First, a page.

ASEAN KEY DESTINATIONS
May 24, 2008
As the United Nations and international donors prepare for Sunday’s (May 25) aid pledging meeting in Yangon, the military junta held charter referendum in cyclone-hit regions, including the former capital.
The referendum on a new constitution, which the ruling generals claim was overwhelmingly approved in a first round of voting, started at 6:00 am (2330 GMT) across the main city of Yangon and the southern Irrawaddy Delta, where entire villages were washed away by Cyclone Nargis three weeks ago.
About five million people are eligible to cast ballots on Saturday, but their votes will have no effect on the outcome, after the military announced a 92.4 percent in the first round held on May 10 in regions spared by the storm.
In Yangon, voters have complained of intimidation, saying that military officers forced them to cast advance ballots, and to tick their papers while officials watched, reported AFP.
Meanwhile, disaster relief officials said there was "no time to lose" to help Myanmar's cyclone survivors after the secretive military government promised the United Nations it would allow in more aid workers, reported Reuters.
The rice-growing Delta and the former capital were hit by the vicious storm in which nearly 134,000 people were left dead or missing. The plebiscite on the army-drafted constitution was held in the rest of the country on May 10 with a 92.4 percent approval after voters were repeatedly told by authorities to vote "Yes".
"We have no more time to lose, so it's imperative that the Myanmar authorities immediately provide the international community with the practical details of the agreement," European Commissioner for Development and Humanitarian Aid Louis Michel said.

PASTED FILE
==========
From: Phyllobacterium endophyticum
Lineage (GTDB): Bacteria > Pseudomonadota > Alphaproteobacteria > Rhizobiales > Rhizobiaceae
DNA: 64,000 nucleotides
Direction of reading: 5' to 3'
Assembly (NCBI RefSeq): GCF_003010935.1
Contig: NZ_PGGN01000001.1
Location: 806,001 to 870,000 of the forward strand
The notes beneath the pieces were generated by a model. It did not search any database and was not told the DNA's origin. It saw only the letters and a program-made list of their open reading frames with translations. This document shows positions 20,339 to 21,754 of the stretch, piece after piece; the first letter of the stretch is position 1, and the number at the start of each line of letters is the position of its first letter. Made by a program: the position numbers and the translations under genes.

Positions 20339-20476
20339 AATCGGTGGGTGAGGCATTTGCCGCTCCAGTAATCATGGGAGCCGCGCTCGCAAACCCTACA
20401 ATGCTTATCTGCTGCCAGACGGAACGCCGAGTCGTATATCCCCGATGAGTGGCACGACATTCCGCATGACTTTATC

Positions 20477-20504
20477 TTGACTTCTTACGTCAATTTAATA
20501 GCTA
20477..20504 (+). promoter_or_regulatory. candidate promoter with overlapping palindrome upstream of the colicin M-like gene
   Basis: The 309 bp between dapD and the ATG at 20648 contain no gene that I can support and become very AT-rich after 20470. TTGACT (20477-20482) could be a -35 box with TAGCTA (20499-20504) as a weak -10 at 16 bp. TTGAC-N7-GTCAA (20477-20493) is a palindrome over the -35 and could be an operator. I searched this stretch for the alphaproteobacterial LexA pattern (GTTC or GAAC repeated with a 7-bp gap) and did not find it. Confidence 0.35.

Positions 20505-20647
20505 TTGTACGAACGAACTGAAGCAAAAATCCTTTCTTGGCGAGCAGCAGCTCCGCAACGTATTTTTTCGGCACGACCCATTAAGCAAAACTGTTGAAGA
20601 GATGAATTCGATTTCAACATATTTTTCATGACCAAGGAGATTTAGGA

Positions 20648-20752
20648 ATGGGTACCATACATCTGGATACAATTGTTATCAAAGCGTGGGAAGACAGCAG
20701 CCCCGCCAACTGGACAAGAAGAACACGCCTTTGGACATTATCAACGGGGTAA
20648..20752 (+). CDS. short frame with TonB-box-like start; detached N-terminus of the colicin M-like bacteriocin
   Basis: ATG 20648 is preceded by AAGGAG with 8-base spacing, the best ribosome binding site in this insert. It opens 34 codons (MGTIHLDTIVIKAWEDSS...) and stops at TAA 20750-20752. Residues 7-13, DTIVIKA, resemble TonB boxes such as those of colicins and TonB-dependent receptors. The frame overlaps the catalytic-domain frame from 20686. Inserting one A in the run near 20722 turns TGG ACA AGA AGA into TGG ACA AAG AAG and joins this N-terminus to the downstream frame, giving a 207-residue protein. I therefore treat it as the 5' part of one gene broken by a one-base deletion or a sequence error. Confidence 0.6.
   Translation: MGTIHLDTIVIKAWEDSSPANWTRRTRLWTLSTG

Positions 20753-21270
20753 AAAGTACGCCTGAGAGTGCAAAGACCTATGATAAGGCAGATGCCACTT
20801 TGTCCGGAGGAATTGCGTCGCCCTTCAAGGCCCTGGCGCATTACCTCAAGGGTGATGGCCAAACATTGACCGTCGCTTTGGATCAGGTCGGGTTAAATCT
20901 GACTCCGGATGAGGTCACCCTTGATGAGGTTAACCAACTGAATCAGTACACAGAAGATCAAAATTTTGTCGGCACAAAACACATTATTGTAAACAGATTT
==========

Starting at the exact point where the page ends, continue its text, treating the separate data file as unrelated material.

Junta supremo Than Shwe gave an assurance to visiting UN Secretary-General Ban Ki-moon on Friday to allow in aid experts "of all nationalities" after weeks of restrictions in the delta.
However it rejected offers of US, French and British Navy ships delivering supplies, UN officials said.
Ban's mission to meet Senior General Than Shwe in his isolated new capital of Naypyidaw, 250 miles (390 km) north of Yangon was seen as a breakthrough, but aid groups were waiting for details on how the agreement would work.
The UN chief himself said he hoped that the deal "can produce results quickly. Implementation is the key."
Myanmar’s state-run TV showed officials from donor groups and diplomats of the UN and Association of Southeast Asian Nations (Asean) touring delta towns on Friday in preparation for a pledging conference in Yangon on Sunday. Myanmar has said it needs more than $11 billion in pledges.
Ban, who was going to China on Saturday to show support for victims of last week's earthquake that killed 55,000 people, would attend the joint UN-Asean conference in Myanmar, officials said.